THE BADLANDS – “I just want to flip the proverbial bird to North Dakota as I leave,” Sarah Gulenchyn said. She took a last drag off her American Spirit – burned quick to the filter – before stamping it out. The door to her 1989 Toyota 4Runner creaked loudly. Rust claimed much of the siding, but nicknamed the “Zombie Toyota,” the 30-year-old pickup refuses to die.
Sliding behind the steering wheel Gulenchyn – an engineer and oil field project surveyor – is leaving the state after she tried to pursue a case of harassment.
“I’m an old salty dog,” Gulenchyn said. “I’ve grown to love North Dakota, the weather and the summer. I love storm chasing. I really wanted to settle down and start farming or gardening on a larger scale. I would have lived here for the rest of my life, pay my taxes.
“But it is so racist here.”
Part Jewish, part Lakota Sioux, Gulenchyn now approximately 42, ultimately filed a complaint about her former manager Phil Ireland at LW Survey with the North Dakota Department of Labor and Human Rights in November 2017. She originally went to corporate managers, but her complaints went nowhere. Evidence was difficult to obtain.
“I had to tiptoe around the puddles of his emotions,” Gulenchyn said. “It was like carrying around a 180-pound stone all day. The only relief from his ongoing aggression and escalating abuse were the days I was assigned to work on other projects, completing more than 11 miles of corridor topographic and control surveys. It was these days of respite in solitude, hiking through the Badlands just east of beautiful Teddy Roosevelt National Park, that I felt truly happy and safe.”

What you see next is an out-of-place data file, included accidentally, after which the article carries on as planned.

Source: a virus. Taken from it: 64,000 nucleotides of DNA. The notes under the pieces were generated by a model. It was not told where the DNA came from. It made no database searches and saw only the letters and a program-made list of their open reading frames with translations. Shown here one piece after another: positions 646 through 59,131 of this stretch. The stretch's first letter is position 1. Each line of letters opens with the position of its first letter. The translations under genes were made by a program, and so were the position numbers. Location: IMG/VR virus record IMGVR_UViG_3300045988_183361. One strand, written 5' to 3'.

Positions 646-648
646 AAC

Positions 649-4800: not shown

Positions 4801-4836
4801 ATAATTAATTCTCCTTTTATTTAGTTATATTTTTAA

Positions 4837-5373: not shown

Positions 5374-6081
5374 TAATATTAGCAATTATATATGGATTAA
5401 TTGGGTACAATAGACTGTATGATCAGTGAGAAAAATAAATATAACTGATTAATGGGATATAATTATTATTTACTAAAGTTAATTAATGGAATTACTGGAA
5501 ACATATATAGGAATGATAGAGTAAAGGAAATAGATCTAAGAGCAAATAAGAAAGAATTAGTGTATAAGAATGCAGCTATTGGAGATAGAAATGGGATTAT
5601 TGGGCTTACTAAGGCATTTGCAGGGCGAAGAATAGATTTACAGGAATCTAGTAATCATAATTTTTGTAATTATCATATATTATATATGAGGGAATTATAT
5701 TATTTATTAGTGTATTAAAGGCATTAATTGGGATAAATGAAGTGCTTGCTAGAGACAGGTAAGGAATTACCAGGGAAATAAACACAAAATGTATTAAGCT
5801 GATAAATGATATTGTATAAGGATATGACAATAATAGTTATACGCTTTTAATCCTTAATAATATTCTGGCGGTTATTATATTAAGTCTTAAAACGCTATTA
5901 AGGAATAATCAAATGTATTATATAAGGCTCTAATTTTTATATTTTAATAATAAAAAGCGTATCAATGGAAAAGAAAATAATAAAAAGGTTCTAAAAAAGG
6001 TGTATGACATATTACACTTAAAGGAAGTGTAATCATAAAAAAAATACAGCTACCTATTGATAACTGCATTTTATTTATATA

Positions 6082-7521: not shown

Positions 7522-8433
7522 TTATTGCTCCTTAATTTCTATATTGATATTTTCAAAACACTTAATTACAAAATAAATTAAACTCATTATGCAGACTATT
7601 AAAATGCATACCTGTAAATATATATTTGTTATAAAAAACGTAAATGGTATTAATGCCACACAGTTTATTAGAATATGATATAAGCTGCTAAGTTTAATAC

At first, Gulenchyn tried to resolve the issue with LW Survey privately and settle for $95,000. “And they basically just told us to go pound sand. That’s when I filed with the Department of Labor.”
Linking her case to the #MeToo movement, Gulenchyn, who worked for more than 18 years on Alaskan pipelines, said the treatment she receives as a woman in a so-called “man’s world” stemmed from being educated, part-Native, and most importantly, a woman.
“For three months I assisted him while being subjected daily to racial and sexist slurs about Native Americans and women, being called a ‘prairie n*gger’ and told ‘Women should learn to wear oven mitts, not operate computers,’” Gulenchyn said.
She hired an attorney in June 2017 and filed for quid pro quo sexual harassment, which also failed.
“It’s not like I walk around with a body cam,” Gulenchyn said. “I feel I am treated in two different ways in North Dakota by men on the job. One is they think you are a feeble minded woman, and two, they’re intimidated and they feel threatened.
“Its cutthroat out there. You have to pull a knife out of your back every day. It’s a big dick-swinging contest.”
Her North Dakota story is only one chapter in a 20-year history of sexual harassment, from Alaska to the Badlands, she said. She…